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We have all experienced it: you are trying to write a word, but suddenly do not remember the correct spelling. None of the versions you write down looks right, and you end up googling it to find out the spelling you have been looking for. You are definitely not alone. This is so common it even has a name: wordnesia.

Wordnesia is not the only reason why someone might have a hard time spelling a word. When a certain term is commonly misspelt, all spellings suddenly seem kind of right, since you have actually seen all of them in use. Although misspelling might not seem to affect the general message of a text, in medical writing it may have severe consequences. Misspelt words make the expert reader doubt the author’s competence and potentially confuse a more general audience. Moreover, during literature review, researchers may reject or overlook an article due to the misspelling of a keyword.

Two medical conditions are especially commonly misspelt or mistranslated, as most people working in healthcare and pharmaceuticals will recognise. This blog post explains why that is, and how to spell them correctly.

Stevens-Johnson syndrome

Commonly listed among the (rare) side effects of many medications and some illnesses, Stevens-Johnson syndrome seems to be a tough nut to crack. Being comprised of two proper names, the structure of the term is complex and easy to spell incorrectly.

The disorder was named after Albert Mason Stevens and Frank Chambliss Johnson, two American paediatricians, who signed their names under their description of it in the American Journal of Diseases of Children in 1922.

Many of the issues with spelling stem from the way the disease was named. As you may know, the combination of an apostrophe and letter s (’s) in English denotes possession, so many may understand the privilege of naming a disease as right to possession – resulting in misspelling examples 1 and 4 below. Additionally, some authors erroneously think the last name of Mr Frank Chambliss was Johnsons, leading to the misspellings in example 2 and 5 below.

Orthography is another problem: the length of the dash between the two last names, as in examples 3–5 below. Namely, three basic lengths of dashes are used in English writing: a short one (-), called ‘hyphen’, a longer one (–), called ‘en dash’, and a very long one (—), called ‘em dash’. The first two are very common, but all three serve distinct purposes, and are not interchangeable. In the case of Stevens-Johnson syndrome, the hyphen should be used, as hyphens are usually placed between words to form a single concept.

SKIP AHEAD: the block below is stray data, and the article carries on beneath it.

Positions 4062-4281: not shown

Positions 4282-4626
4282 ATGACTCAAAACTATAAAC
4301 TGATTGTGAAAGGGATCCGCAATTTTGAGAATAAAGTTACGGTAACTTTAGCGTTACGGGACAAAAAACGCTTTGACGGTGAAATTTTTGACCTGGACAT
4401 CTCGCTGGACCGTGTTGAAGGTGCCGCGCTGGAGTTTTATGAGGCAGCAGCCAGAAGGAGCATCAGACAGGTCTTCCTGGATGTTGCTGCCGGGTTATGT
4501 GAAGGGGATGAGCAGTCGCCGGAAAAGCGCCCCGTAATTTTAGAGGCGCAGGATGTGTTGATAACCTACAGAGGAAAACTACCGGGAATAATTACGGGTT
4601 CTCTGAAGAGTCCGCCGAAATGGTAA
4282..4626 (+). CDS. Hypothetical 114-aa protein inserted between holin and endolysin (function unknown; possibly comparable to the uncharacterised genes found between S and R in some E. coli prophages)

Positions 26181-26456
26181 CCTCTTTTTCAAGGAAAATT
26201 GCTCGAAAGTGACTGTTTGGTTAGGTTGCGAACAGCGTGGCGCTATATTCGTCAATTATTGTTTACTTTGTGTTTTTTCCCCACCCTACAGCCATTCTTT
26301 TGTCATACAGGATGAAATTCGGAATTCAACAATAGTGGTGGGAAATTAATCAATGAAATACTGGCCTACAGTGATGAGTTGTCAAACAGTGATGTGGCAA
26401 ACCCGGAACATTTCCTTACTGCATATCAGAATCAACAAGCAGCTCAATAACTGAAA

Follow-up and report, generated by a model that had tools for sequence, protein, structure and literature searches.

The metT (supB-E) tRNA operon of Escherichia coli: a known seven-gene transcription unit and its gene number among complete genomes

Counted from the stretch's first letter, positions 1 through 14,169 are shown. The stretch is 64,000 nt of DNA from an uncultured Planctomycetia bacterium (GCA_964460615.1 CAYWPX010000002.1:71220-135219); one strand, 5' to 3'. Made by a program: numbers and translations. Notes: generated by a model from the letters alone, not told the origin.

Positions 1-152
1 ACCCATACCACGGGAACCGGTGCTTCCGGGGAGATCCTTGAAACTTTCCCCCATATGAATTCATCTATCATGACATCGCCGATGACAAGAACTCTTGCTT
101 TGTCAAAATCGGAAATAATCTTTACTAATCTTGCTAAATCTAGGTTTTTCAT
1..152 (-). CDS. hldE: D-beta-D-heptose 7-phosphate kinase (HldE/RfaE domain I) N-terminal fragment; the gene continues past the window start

So far, we have encountered the following incorrect spellings:

  • Stevens-Johnson’s syndrome
  • Stevens-Johnsons syndrome
  • Stevens–Johnson syndrome
  • Stevens–Johnson’s syndrome
  • Stevens–Johnsons syndrome

In short: the only correct spelling of this disease is Stevens-Johnson syndrome.

Lapp lactase deficiency

Lapp lactase deficiency is a rare hereditary condition; people who have it find it difficult to digest lactose, i.e. have lactose intolerance. Why is this condition not simply called “lactase deficiency”? The symptoms of both conditions are similar but not their origin. The inhabitants of Lapland (a region stretching across Northern Sweden, Finland and Norway) the Sami people used to be called Lapps. Lapp is now considered a derogatory term, so some would say it is racist and should not be used. Lapp lactase deficiency is still used as the name for a form of lactose intolerance that Sami people developed due to insufficient genetic distance.

Lapp lactase deficiency is mentioned on the package leaflet of practically every medicinal product containing lactose. Terminologically speaking, the meaning commonly leads to mistranslations. English can be an incredibly concise language and phrases can consequently be ambiguous. Lapp lactase deficiency can be described in plain language as “lactase deficiency typically observed among the Sami (formerly called Lapp) people”.

The problem arises if the translator does not know what “Lapp” means. It could be the surname of a person or institution that discovered this condition (like Stevens-Johnson syndrome). In each of these cases, the translation would be different – and wrong. In the mistranslations below, the translator thought “Lapp” was a proper name. In the second French example, the translator even thought there was a type of lactase called “Lapp lactase” that a person could have a deficiency from.

  • Spanish: insuficiencia de lactasa de Lapp
  • Italian: deficiência de lactase de Lapp
  • French: déficit en lactase de Lapp or déficit en Lapp lactase

And how should “Lapp lactase deficiency” be translated, taking into account the geographical etymology of the word “Lapp”?

  • Spanish: insuficiencia de lactasa de los lapones, insuficiencia de lactasa propia de los lapones
  • French: déficit en lactase propre des lapons, déficit en lactase propre des populations lapones
  • Italian: carenza di lattasi propria dei lapponi, carenza di lattasi propria della popolazione lappone
  • Slovenian: laponska oblika zmanjšane aktivnosti laktaze

Are there any other medical terms that you find commonly mistranslated or misunderstood? We would be delighted to know them and pay special attention to them in our translations. You can always reach us at